Wilhelm Stemmermann, born 23 October 1888 joined the Württemberg Army on 26 June 1908 as a flag-youngster. He came to Badisches Fußartillerie-Regiment No. 14. On this he was promoted to lieutenant on 19 November 1909. As such, he was then employed as a battery officer in the Badisches Fußartillerie-Regiment No. 14. During the First World War, he was initially an artillery officer. On January 27, 1915, he was promoted to lieutenant. On April 18, 1917, he was promoted to captain. As such, he was also employed as a General Staff officer. In the First World War he was not only wounded, which was reflected in the award of the wounded badge in Schwarz . In addition, he was awarded a few other awards alongside both Iron Crosses . After the end of the war, he was taken over as headman in the Reichsheer. At the 200,000-man transition army in the spring of 1920, he belonged as a teacher to the infantry school in Munich. In this capacity, he also continued to be involved in the formation of the 100,000-man Army of the Reichswehr and the years thereafter. In the spring of 1924 he served with the commandant of Ingolstadt. At the latest from the spring of 1925, he belonged to the 6th (Bad.) Battery of the 5th Artillery Regiment in Ulm for the next years. In 1928-29 he was then transferred to the staff of the 5th Division of the Reichswehr in Stuttgart for the next few years. There he was also promoted to Major on 1 April 1930. On February 1, 1934, he was promoted to lieutenant-colonel. On 1 March 1936 he was promoted to Oberst As such, on 1 October 1937, he was appointed head of the General Staff of the General Command XIII. Army Corps appointed. On 1 August 1939 he was promoted to Generalmajor. At the beginning of the World War II he took part in the Polish campaign with the Corps. At the same time, both clips were given to his Iron Crosses. In the course of the Western campaign, he was still the Chief of the XIII. Army Corps, under command of Generaloberst Heinrich von Vietinghoff,. At the beginning of 1941 he took command of the new 296th Infantry Division. At the beginning of the summer of 1941 he led the division in the Eastern campaign in the attack on southern Russia. On 1 August 1941 he was promoted to Generalleutnant. At the beginning of January 1942 he was severely wounded and had to surrender his command of the 296th Infantry Division. On January 11, 1942, he was awarded the German Cross in Gold . After his release from the hospital, on 1 March 1942, he was transferred to the OKH’s leadership reserve. On 1 December 1942 he was promoted to General of the artillery. It was not until 5 December 1943 that he became Commander-in-chief of XI. Armistice in the Kiev area. With his corps, he was imprisoned in the kettle of Cherkassy in January 1944. In February 1944, as a General of the artillery and his corps, he succeeded in the outbreak from the cauldron, for which he was awarded the Knight’s Cross of the Iron Cross on 7 February 1944. At the outbreak from the pocket, he is the Commanding General of the XI. Armee Corps on 18 February 1944 fallen. On February 18, 1944, he was awarded the Oak Leaves to the Knight’s Cross of the Iron Cross . On February 20, 1944, he was named in the Wehrmacht report: “The shooting of the liberated divisions has been completed, and the troops of the Army and the Waffen SS , cut off since January 28, 1944, under the leadership of General Stemmermann and Generalleutnant Theo-Helmut Lieb in heroic defense, with the onslaught of far superior enemy forces, and then, in fierce fighting, broke open the encirclement of the enemy. ” Theo Lieb survived the war and died 20 March 1981 old age 91.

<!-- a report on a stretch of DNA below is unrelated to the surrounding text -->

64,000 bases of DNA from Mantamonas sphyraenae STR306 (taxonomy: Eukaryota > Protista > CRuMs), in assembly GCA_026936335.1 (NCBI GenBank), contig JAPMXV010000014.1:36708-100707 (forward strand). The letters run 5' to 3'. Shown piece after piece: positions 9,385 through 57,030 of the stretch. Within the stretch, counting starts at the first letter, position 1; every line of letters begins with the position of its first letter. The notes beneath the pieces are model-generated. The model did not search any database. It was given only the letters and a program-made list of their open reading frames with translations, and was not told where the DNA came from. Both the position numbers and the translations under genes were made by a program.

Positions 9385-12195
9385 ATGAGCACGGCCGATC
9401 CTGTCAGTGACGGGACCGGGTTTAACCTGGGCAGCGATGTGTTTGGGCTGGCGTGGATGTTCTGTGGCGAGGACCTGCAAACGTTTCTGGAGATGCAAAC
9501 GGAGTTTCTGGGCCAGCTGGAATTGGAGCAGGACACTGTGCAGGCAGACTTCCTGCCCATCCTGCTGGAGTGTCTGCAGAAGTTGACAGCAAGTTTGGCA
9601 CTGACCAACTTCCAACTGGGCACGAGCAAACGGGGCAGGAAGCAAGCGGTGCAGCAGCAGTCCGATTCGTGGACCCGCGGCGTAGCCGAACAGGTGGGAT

Stemmermann here with Oberst Alfons König who was killed in action near Bobruisk on 8 July 1944, age 45, during the Soviet summer offensive, Operation Bagration..
On February 22, 1944, Stemmermann’s death was reported in the Wehrmacht report: “General of the artillery Stemmermann, commander of the combat group, which was included in the Western Cherkassy and then broken out, fell riding in his car on the last day of the breakthrough unflinching attitude and the outbreak of the fighting group, and the army lost with him a particularly tried and tested troop leader.